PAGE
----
What the incremental opportunity could potentially be. We're just hearing consistently from the carriers that they would really welcome an independent backhaul provider, and that of all the likely candidates, no one is really stepping into that market aggressively. So, it just seems like it should be a big opportunity. Thanks.

James Crowe

I mean I would agree with you it's a big opportunity over time. Some of the complicating factors are up until recently, and even today, each carrier attempted to address its tower backhaul needs individually. Even now and the much publicized RFPs that are out on the street, its individual service providers attempting to address their tower backhaul needs.

The average tower, as I repeat, has over three service providers. So, answering the question has a lot more to do with aggregating or integrating demand and answering RFPs. The RFPs are not surprising. There are real problems with tower backhauls. So, carriers are trying to stimulate our side is of the business to build where we possibly can. We're trying to meet that opportunity.

But if you're asking broadly what is the opportunity in the tower backhaul today? I would say I mentioned earlier, a big tower might have a 100, 150 mega bits of capacity. That's one OC3 that's. If we hook up a corporate data center, that is measured, the demand out of that is often measured in orders of magnitude higher numbers than that 10, a 100 times as much.

And there are well over a 100 corporate data centers which have a single provider, typically the local incumbent. So we think the question is upside down. The question ought to be, how do we build an IP optical infrastructure that meets all of the demands for that kind of connectivity, which are enormous. Our industry underinvested in meeting that demand and along the way pickup as many towers as you possibly can.

That's the right way to ask the question, and that's the way we're trying to ask ourselves. There is a understandable focus on tower backhaul, because it’s consumer product that has real problems today much publicized. But keep in mind that it was only a short period of time ago that wireless data was speculative. People wondered whether the US consumer would even want that kind of device.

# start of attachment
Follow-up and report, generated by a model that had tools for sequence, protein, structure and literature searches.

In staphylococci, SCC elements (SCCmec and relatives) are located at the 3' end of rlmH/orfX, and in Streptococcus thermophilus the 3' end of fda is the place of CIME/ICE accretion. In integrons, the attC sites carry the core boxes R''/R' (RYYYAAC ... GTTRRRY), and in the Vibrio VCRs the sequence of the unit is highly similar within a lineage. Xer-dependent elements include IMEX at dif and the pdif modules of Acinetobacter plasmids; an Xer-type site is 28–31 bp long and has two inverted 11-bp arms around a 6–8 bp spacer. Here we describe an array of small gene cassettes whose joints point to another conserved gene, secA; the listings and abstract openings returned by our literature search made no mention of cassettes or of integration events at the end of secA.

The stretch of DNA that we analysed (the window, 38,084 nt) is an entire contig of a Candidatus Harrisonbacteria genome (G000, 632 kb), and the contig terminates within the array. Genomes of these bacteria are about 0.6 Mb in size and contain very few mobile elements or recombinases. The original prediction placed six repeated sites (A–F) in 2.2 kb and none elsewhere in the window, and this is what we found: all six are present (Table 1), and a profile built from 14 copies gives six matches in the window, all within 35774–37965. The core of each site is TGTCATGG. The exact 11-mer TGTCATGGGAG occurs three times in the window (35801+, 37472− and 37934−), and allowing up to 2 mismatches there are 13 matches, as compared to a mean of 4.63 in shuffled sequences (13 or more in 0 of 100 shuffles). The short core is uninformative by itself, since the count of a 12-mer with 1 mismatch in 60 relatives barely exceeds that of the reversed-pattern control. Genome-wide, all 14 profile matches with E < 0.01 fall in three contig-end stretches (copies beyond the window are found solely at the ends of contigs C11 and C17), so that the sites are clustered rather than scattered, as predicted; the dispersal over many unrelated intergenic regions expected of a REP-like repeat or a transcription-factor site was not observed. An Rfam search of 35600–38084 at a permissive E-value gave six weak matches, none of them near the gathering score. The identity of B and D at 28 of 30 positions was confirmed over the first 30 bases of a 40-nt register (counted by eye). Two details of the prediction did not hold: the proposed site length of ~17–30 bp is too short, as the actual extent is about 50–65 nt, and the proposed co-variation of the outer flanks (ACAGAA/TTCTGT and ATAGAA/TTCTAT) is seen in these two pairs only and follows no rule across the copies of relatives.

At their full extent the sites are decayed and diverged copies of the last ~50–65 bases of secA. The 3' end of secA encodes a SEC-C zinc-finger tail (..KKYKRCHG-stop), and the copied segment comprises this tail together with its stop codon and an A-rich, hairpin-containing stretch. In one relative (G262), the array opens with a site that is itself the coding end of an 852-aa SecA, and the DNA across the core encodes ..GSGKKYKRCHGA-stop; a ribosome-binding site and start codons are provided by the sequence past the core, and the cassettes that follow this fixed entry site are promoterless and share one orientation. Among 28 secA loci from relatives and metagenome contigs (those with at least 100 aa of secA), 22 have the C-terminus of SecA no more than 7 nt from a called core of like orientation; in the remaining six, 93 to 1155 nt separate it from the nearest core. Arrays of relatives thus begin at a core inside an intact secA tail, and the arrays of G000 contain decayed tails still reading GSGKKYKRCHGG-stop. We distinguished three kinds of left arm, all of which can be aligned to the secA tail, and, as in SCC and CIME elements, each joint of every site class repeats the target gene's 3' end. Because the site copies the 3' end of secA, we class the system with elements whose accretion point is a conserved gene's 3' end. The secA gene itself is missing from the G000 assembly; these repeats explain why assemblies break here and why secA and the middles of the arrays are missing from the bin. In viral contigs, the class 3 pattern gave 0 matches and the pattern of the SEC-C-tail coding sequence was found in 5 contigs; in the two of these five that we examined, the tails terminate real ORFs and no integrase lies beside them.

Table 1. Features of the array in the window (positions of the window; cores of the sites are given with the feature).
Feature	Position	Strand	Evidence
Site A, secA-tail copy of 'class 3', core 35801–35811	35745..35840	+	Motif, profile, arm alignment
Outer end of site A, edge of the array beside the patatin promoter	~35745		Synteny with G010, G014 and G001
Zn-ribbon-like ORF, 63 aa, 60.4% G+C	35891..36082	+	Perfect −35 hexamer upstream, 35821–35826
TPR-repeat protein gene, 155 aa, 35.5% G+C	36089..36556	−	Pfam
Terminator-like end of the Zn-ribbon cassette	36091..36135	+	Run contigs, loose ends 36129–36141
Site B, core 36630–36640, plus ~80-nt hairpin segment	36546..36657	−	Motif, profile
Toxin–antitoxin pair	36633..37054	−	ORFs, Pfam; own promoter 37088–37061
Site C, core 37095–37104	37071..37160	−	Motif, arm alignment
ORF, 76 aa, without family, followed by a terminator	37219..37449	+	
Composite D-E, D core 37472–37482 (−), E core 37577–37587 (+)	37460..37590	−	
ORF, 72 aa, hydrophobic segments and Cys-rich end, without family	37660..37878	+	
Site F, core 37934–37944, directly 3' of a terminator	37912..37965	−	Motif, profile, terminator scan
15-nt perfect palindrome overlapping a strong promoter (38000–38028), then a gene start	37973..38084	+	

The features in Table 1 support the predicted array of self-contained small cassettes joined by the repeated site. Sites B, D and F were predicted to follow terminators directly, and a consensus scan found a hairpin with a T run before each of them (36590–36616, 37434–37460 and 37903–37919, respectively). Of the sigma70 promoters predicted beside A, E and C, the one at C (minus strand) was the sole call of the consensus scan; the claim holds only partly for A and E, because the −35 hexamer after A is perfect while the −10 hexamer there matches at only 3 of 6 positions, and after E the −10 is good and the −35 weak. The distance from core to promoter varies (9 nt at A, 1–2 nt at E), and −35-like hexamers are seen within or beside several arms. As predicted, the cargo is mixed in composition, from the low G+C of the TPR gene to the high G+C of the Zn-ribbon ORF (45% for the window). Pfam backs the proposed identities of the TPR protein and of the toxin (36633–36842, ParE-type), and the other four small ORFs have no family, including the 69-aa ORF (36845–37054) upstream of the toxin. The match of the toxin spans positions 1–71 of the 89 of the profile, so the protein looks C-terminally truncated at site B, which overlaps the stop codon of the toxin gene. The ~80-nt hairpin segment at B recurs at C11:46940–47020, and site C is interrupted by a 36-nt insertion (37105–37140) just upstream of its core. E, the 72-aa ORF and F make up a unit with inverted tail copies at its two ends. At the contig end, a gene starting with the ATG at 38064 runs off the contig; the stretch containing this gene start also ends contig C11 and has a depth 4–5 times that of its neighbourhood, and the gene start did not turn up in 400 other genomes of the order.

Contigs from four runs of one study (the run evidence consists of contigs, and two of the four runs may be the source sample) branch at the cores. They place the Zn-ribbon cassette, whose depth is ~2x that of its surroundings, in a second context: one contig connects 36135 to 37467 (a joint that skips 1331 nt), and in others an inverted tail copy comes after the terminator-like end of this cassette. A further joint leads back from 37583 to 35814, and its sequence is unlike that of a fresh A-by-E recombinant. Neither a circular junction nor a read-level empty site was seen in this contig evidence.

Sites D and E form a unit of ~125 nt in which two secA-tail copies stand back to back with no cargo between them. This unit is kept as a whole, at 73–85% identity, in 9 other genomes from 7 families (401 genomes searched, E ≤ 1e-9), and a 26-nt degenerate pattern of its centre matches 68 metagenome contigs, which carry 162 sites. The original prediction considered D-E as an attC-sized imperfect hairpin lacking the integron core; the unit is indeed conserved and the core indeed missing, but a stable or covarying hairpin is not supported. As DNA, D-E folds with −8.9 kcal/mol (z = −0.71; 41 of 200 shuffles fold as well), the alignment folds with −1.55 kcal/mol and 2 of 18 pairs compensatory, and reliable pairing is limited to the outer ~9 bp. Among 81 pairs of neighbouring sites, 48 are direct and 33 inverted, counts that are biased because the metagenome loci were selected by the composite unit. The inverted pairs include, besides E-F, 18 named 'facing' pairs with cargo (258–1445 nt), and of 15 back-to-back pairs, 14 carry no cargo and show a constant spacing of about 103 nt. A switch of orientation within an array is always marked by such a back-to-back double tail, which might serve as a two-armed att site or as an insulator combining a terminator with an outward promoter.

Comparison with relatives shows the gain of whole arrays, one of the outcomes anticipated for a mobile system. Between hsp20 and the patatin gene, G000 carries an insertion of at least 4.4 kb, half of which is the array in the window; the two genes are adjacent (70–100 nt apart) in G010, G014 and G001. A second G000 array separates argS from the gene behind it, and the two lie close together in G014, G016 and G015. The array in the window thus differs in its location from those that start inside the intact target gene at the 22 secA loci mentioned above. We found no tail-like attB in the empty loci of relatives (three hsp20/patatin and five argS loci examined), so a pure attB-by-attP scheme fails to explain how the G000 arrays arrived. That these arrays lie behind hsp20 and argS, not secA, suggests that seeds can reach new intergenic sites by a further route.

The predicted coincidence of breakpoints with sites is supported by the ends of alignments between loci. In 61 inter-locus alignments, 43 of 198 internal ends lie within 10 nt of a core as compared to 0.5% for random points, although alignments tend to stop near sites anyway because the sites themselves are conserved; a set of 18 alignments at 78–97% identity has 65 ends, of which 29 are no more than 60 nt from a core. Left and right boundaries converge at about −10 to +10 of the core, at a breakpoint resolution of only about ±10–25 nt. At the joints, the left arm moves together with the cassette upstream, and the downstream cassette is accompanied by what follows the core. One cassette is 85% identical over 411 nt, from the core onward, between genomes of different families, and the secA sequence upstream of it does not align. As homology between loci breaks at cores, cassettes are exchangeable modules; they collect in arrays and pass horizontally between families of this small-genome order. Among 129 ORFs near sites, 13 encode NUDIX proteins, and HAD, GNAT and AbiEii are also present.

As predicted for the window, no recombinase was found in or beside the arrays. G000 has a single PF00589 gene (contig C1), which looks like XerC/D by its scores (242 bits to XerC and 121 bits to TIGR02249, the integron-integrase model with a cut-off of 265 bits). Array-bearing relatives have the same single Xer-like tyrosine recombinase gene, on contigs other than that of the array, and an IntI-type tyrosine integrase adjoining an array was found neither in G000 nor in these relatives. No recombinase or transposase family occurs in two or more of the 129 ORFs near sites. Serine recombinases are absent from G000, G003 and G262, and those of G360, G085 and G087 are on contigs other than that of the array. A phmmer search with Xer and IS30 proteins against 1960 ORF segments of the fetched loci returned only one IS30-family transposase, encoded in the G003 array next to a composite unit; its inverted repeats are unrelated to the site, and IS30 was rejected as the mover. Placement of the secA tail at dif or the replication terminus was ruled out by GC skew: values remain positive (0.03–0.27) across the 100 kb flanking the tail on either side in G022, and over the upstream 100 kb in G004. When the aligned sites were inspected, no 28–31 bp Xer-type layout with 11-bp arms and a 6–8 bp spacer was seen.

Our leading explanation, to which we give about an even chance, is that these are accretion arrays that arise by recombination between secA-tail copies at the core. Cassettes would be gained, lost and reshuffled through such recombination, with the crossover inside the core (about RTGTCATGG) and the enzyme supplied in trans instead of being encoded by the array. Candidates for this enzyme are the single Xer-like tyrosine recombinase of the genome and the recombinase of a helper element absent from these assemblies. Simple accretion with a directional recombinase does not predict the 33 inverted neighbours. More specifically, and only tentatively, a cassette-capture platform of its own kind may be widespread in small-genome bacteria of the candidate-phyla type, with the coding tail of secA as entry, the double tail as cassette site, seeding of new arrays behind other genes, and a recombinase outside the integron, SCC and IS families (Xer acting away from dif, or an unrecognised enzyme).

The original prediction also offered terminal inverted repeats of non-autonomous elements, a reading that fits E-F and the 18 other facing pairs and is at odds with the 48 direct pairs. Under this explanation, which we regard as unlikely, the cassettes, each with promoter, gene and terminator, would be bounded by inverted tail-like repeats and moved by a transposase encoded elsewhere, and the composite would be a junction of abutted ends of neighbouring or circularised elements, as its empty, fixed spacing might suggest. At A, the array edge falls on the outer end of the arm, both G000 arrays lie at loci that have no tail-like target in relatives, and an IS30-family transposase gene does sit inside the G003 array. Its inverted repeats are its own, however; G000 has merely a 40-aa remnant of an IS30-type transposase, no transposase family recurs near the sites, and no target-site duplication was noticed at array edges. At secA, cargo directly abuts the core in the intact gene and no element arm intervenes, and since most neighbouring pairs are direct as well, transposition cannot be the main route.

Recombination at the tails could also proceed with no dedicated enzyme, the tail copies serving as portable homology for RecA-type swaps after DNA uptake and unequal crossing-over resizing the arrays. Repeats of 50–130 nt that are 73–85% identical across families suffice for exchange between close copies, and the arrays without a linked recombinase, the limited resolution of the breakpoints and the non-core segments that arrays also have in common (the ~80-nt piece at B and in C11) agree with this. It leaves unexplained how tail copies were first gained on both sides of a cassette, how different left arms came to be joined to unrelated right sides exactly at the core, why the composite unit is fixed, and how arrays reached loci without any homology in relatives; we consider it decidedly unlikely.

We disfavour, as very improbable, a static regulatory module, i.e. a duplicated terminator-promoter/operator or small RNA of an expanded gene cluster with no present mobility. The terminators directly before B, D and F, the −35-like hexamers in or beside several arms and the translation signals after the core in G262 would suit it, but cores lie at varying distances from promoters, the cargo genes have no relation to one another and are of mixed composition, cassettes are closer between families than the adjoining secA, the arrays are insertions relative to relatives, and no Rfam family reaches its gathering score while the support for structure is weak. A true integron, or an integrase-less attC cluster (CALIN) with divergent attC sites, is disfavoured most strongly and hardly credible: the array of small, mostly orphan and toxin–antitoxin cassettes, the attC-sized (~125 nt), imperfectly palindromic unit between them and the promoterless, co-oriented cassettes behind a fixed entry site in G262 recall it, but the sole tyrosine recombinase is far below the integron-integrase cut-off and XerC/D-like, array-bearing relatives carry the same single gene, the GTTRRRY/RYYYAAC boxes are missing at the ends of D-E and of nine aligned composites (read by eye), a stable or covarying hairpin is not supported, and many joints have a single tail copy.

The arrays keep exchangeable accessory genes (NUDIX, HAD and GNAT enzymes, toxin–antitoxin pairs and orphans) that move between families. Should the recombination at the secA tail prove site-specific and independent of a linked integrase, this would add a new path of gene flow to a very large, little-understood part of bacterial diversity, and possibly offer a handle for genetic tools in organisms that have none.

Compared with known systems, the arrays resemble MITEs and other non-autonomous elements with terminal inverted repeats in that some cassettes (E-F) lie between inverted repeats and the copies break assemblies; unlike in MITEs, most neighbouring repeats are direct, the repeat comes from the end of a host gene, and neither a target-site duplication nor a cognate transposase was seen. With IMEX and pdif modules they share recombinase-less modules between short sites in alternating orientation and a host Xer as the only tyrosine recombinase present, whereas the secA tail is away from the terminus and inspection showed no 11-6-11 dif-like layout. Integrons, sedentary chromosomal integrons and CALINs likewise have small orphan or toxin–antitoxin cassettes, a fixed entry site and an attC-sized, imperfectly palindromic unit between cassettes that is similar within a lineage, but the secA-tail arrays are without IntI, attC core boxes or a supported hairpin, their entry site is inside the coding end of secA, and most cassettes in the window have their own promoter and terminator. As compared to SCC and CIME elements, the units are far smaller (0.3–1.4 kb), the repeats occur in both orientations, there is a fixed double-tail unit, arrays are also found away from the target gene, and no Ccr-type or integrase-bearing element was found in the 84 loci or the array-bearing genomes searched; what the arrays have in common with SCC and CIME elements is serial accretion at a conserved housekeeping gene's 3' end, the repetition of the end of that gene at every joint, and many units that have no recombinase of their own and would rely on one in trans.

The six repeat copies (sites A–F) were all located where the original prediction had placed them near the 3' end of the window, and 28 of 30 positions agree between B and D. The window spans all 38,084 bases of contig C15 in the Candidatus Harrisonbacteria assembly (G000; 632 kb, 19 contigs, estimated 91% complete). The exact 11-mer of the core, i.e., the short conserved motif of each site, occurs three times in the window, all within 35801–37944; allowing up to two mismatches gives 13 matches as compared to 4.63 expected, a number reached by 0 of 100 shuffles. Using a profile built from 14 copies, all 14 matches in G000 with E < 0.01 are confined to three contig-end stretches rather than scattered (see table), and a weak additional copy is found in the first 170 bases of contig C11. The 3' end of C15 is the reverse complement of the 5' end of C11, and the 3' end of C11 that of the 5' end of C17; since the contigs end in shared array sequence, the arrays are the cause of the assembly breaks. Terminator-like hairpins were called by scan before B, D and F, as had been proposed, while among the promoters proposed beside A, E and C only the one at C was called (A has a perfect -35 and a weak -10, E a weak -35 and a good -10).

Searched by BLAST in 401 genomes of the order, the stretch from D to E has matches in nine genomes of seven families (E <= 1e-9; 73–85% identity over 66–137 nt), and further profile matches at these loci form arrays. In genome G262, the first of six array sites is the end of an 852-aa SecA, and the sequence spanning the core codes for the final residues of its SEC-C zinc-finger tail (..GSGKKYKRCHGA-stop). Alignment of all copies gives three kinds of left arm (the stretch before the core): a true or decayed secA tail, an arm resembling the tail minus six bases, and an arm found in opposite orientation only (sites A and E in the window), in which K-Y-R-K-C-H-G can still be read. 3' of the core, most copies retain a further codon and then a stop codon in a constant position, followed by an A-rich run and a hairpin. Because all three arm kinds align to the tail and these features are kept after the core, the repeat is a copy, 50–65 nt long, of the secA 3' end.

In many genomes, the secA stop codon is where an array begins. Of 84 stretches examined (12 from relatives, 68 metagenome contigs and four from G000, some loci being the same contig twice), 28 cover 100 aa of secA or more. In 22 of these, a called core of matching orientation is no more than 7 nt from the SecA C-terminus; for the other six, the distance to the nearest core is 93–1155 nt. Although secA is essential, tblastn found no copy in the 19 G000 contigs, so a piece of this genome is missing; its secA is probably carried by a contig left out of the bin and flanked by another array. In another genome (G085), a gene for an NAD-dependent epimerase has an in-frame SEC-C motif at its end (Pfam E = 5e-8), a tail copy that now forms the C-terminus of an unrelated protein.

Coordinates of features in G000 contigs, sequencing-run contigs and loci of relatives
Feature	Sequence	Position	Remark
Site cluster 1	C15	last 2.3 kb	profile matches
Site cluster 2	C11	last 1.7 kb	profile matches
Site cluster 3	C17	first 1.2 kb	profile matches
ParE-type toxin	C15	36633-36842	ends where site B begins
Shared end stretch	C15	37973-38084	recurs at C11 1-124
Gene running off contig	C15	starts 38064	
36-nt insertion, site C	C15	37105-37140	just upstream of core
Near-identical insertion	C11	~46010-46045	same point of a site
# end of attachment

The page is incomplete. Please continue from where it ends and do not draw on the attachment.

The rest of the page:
That was only a few years ago. It was only a few years ago that one meg to the home was questioned as being way too much. Now we've had an explosion, and the simple fact is there is not an IP optical infrastructure in place to meet that demand, which has moved out of the central business districts. That's the question we keep asking, and that's the opportunity we think we're better positioned to deal with than virtually any other company. Next question?

Operator

We'll move now to [David Sherritt] with Barclays Capital.

Unidentified Analyst

First just want to ask on M&A, I mean obviously in July when you saw a consent on the 12.25 that was something that was on your mind at that time, and there's been various discussions in the press of different processes potentially have been taking place or thought of earlier in the year, just your thoughts on where we are now, kind of your focus on I know has always been there I know it's a long-term option, but near-term opportunities in the current environment?

Jim Crowe

I would say the environment with respect to the principals of the companies involved is probably more realistic and there's more recognition that consolidation will continue than has been in the case in quite a long time. The issue has been the capital markets support and deciding what a particular asset is worth.

Ana Goshko mentioned, the capital markets seem to be getting far more friendly. That's been our observation. When the economy collapsed, any individual institution or person's ability to price a dollar or cash flow that occurs in the future, to discount it back to today, that is to understand the price risk, and the price cash flow became very difficult. Big battles about multiples, big battles about what assets were worth and cash flows worth.

That I think people are converging now to a more common understanding. We get those three things in place, the right mindset on the part of principals and the industry, supporting the capital markets, and common views of value, and I think the necessary product heads to consolidation are going to increasingly be there.

Unidentified Analyst

That’s helpful in terms of M&A. If I can add just one other question with regard to just the SG&A and cost base as we get into the fourth quarter. You talked about in terms of the SG&A obviously seasonally higher level in terms of utilities. Do we sort of stay at that level seasonally high. Is this a good base in terms of that seasonality as we go into the fourth quarter, and then just the impact of the additional sales force you talked about at length on the call. What sort of incremental impact does that have to SG&A as we get into the quarter and think about the run rate going into next year?

Sunit Patel

Yes, the seasonally higher expenses for utilities will go down in the fourth, as they have, so our SG&A should improve on that score. Having said that, we are adding sales people, as we pointed out. Now over the last few quarters, we have managed that well by managing other expenses tightly, but I think looking forward over the next year, the addition of more sales people, we'll try to manage that as best as we can with our revenue performance.

Jim Crowe

All right, well. Thank you all for listening, and best of luck to us all. Operator, that ends the call.

Operator

Thank you. This concludes today's Level 3 Communications Incorporated Third Quarter 2009 Earnings Conference Call. Thank you all for attending

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Source: Level 3 Communications, Inc. Q3 2009 Earnings Call Transcript